James Glass

Also published as: James R. Glass


2021

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Analyzing the Forgetting Problem in Pretrain-Finetuning of Open-domain Dialogue Response Models
Tianxing He | Jun Liu | Kyunghyun Cho | Myle Ott | Bing Liu | James Glass | Fuchun Peng
Proceedings of the 16th Conference of the European Chapter of the Association for Computational Linguistics: Main Volume

In this work, we study how the finetuning stage in the pretrain-finetune framework changes the behavior of a pretrained neural language generator. We focus on the transformer encoder-decoder model for the open-domain dialogue response generation task. Our major finding is that after standard finetuning, the model forgets some of the important language generation skills acquired during large-scale pretraining. We demonstrate the forgetting phenomenon through a set of detailed behavior analysis from the perspectives of knowledge transfer, context sensitivity, and function space projection. As a preliminary attempt to alleviate the forgetting problem, we propose an intuitive finetuning strategy named “mix-review”. We find that mix-review effectively regularizes the finetuning process, and the forgetting problem is alleviated to some extent. Finally, we discuss interesting behavior of the resulting dialogue model and its implications.

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Text-Free Image-to-Speech Synthesis Using Learned Segmental Units
Wei-Ning Hsu | David Harwath | Tyler Miller | Christopher Song | James Glass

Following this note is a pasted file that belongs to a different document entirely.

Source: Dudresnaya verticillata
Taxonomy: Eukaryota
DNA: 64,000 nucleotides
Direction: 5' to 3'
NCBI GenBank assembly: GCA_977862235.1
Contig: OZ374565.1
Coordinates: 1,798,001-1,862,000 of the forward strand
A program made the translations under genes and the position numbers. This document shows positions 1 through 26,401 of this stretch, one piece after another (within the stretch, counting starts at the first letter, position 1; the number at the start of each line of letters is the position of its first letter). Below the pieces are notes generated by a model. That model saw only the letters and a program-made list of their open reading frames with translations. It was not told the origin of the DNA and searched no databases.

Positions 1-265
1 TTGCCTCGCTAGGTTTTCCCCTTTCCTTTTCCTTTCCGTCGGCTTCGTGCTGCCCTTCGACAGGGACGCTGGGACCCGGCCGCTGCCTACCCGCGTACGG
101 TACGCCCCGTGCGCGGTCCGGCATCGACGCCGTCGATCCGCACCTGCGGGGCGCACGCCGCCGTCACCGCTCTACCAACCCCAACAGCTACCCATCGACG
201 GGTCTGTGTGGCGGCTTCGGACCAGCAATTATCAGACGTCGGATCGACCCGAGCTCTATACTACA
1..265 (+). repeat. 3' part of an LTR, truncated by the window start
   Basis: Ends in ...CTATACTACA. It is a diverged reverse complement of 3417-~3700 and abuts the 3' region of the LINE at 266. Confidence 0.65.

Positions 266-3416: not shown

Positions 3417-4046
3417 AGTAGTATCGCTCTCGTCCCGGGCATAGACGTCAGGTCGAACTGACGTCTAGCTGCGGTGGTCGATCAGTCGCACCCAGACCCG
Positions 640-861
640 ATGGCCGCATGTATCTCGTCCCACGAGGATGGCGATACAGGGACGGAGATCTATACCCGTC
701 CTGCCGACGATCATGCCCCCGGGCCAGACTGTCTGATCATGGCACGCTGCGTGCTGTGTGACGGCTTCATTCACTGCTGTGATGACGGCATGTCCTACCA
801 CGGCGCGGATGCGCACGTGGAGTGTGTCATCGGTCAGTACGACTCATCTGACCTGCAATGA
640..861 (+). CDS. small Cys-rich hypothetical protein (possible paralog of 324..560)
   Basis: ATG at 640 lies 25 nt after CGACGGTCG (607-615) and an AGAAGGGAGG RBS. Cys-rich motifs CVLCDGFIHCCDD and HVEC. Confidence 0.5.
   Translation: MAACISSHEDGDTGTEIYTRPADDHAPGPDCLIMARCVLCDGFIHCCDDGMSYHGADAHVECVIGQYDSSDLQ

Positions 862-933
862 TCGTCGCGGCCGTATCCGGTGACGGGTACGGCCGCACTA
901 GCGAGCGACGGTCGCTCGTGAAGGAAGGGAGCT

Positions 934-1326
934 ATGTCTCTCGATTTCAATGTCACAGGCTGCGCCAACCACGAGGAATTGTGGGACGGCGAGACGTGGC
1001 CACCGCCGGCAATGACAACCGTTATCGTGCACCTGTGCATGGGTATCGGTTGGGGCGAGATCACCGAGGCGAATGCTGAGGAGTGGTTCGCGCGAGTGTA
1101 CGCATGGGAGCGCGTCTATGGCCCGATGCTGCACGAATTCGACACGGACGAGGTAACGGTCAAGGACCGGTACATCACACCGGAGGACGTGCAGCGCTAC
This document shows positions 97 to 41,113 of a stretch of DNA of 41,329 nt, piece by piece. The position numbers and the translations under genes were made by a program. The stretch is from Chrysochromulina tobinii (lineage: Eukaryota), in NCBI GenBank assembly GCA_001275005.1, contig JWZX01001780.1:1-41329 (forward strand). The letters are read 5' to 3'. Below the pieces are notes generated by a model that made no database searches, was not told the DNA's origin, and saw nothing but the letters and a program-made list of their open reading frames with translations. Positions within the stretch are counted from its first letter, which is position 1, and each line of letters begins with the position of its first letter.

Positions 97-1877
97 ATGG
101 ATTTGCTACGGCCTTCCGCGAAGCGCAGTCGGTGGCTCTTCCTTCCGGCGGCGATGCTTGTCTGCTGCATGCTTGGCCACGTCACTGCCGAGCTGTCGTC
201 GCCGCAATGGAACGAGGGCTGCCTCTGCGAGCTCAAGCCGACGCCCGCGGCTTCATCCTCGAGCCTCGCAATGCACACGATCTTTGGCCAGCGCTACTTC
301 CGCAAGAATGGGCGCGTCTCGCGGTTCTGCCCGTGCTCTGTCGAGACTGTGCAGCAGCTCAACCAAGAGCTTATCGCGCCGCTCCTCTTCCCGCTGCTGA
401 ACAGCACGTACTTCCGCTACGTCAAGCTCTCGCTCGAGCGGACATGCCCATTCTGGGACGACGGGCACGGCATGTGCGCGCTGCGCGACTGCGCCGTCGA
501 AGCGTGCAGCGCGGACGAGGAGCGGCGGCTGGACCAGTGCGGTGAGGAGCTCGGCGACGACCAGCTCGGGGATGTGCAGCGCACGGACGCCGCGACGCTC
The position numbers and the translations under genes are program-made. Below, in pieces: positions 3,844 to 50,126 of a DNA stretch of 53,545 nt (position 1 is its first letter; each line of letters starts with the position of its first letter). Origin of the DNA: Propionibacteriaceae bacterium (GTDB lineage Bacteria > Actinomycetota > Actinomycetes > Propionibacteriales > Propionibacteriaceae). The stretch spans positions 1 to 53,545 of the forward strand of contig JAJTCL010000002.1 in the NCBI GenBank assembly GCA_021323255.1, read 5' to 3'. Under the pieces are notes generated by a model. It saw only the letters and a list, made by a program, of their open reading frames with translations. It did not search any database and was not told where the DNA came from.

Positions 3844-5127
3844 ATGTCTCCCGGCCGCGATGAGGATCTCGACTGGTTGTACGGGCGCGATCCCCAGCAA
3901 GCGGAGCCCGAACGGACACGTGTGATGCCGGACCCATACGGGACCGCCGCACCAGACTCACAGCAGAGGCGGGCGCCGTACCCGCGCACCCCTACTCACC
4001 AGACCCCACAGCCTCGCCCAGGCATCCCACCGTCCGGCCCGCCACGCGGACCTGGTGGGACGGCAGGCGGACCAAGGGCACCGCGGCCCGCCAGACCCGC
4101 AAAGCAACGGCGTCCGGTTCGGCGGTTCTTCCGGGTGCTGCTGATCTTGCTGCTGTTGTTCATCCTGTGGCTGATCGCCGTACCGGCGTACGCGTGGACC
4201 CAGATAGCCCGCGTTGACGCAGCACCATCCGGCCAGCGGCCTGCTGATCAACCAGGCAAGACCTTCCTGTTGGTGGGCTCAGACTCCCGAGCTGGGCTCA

Proceedings of the 59th Annual Meeting of the Association for Computational Linguistics and the 11th International Joint Conference on Natural Language Processing (Volume 1: Long Papers)

In this paper we present the first model for directly synthesizing fluent, natural-sounding spoken audio captions for images that does not require natural language text as an intermediate representation or source of supervision. Instead, we connect the image captioning module and the speech synthesis module with a set of discrete, sub-word speech units that are discovered with a self-supervised visual grounding task. We conduct experiments on the Flickr8k spoken caption dataset in addition to a novel corpus of spoken audio captions collected for the popular MSCOCO dataset, demonstrating that our generated captions also capture diverse visual semantics of the images they describe. We investigate several different intermediate speech representations, and empirically find that the representation must satisfy several important properties to serve as drop-in replacements for text.